GUSTINE – Gustine Rotary is known as a small club that thinks big.
Thanks in large part to the efforts of a local member who embraces that philosophy, the club has had a hand in improving the quality of life on an impoverished region of the Philippines.
In recognition of those continuing accomplishments, Brent Tanner was recently presented a Rotary Citation for Meritorious Service, which ranks among the organization’s most prestigious honors. He said one Rotarian is nominated each year by clubs within the district, and the award is subject to approval by Rotary International.
Through Tanner’s leadership, some $240,000 has been raised to provide assistance to those living in poverty on the island of Mindanao. Most of that money has been used to install bio-sand water filtration systems in more than 2,400 homes which otherwise lack a sanitary water source.
The club has also been involved in purchasing a van for an orphanage, purchased about 80 composting toilets and dabbled in improvements such as high efficiency stoves and solar panels.
Tanner said those involved decided that the stoves and solar panel were not a good fit for the programs. The toilets were expensive and not particularly well-received in the communities.
So the focus has been on the life-saving water filters – with another project in the works that if successful will deliver another 550 water filters.
“We started out doing 250 water filters. I never thought we would do anything like this,” Tanner told Mattos Newspapers. “I love the idea of helping kids, and just happened to be in the right place at the right time.”
The provision of clean drinking water is literally a life-saver, Tanner said.
The Rotarians work with a non-profit which builds the units….which are concrete filled with sand and gravel. “Our filters don’t have anything to replace, and will last about 30 years,” Tanner noted.
The construction also provides much-needed jobs in the region, he added.
A Rotary club headquartered in the city of Davao is partnering with Gustine Rotary. That club is installing the water filters, and also helps obtain legal documents such as birth certificates, brings them down from the remote regions for medical care, and has started an agricultural high school.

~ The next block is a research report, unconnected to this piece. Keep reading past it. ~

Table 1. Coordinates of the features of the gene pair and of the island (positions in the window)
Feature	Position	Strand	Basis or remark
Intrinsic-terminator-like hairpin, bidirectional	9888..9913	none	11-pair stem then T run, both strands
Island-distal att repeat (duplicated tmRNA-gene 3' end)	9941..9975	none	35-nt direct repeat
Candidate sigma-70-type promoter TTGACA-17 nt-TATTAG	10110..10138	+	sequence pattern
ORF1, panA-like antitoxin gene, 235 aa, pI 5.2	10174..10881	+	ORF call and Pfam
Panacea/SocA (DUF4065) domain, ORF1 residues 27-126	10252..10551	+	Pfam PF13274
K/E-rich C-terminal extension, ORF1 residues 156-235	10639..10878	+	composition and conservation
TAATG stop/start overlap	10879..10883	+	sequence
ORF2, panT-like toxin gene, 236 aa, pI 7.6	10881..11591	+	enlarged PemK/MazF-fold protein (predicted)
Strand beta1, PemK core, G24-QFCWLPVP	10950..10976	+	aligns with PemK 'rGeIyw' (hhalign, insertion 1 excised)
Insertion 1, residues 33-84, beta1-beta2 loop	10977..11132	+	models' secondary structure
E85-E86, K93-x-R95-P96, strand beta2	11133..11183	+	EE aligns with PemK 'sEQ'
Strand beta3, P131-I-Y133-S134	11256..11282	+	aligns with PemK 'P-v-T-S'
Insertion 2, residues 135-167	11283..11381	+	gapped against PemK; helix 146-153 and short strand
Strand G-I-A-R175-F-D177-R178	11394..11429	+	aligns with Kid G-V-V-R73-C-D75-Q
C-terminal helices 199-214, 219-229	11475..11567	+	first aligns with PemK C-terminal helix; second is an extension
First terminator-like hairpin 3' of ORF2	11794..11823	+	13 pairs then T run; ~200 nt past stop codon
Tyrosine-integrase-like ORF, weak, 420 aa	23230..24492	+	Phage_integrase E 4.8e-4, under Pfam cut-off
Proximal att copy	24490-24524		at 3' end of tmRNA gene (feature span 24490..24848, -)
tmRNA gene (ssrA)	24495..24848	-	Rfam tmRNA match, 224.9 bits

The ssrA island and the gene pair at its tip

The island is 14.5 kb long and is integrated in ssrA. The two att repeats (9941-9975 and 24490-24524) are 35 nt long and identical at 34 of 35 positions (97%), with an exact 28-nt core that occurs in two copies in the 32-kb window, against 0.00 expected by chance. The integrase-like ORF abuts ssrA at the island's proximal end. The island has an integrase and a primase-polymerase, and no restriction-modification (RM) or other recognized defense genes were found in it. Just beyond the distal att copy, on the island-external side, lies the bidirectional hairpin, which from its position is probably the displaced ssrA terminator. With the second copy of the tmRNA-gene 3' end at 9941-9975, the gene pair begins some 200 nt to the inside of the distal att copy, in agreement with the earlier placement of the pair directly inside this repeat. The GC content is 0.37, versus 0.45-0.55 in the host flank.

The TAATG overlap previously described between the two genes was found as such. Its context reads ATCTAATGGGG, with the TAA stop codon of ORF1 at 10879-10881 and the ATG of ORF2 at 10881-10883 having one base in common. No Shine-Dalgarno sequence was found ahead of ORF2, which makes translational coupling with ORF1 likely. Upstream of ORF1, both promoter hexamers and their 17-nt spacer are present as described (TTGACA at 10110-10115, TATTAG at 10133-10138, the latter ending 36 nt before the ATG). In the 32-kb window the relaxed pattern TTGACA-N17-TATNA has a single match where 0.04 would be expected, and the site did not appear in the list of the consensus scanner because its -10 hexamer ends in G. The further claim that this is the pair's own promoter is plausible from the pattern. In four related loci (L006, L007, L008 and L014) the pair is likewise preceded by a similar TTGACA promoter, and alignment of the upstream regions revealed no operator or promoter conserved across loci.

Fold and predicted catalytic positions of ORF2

It is essential that the non-profit send nurses to the project areas to explain the need for clean water, Tanner noted, because “they will believe their local nurse who speaks the language.” That contact also builds trust that enables the non-profit to help children access medical care, he said.
The overall goal is to improve living conditions and help promote self-sufficiency, Tanner reported.
“They have next to nothing,” he said of the region’s inhabitants.
Tanner regularly visits clubs throughout District 5220 to promote the water filter program and seek support. He estimates that he has spoken to half or more of the 52 clubs in the district, which stretches from Madera to Galt; from Oakhurst to West Side communities and Tracy/Mountain House. In addition to donations from within the district, Tanner said, he has received contributions from clubs in Washington state, Canada and Australia.
He leverages money raised by the Gustine club and donations from others to obtain matching funds and grants, which collectively make the projects possible.
Big projects are nothing new for the Gustine Rotary Club, Tanner remarked.
In the mid-90s, membership was down to a handful of people and the club’s future was in jeopardy.
“We decided that we could do as much as any big club could do, maybe a little better. We built a reputation off that,” he said.
Membership has since rebounded to about 15 Rotarians, and the group completes a variety of local service projects such as providing dictionaries to third-grade students, funding GUSTO scholarships and sponsoring an annual basketball tournament.
But the water filter project is one which holds deep meaning for Tanner.
The message he takes to neighboring clubs to explain the need is stark and straightforward.
Because they lack clean water, Tanner tells his hosts, “Kids are dying, dammit.”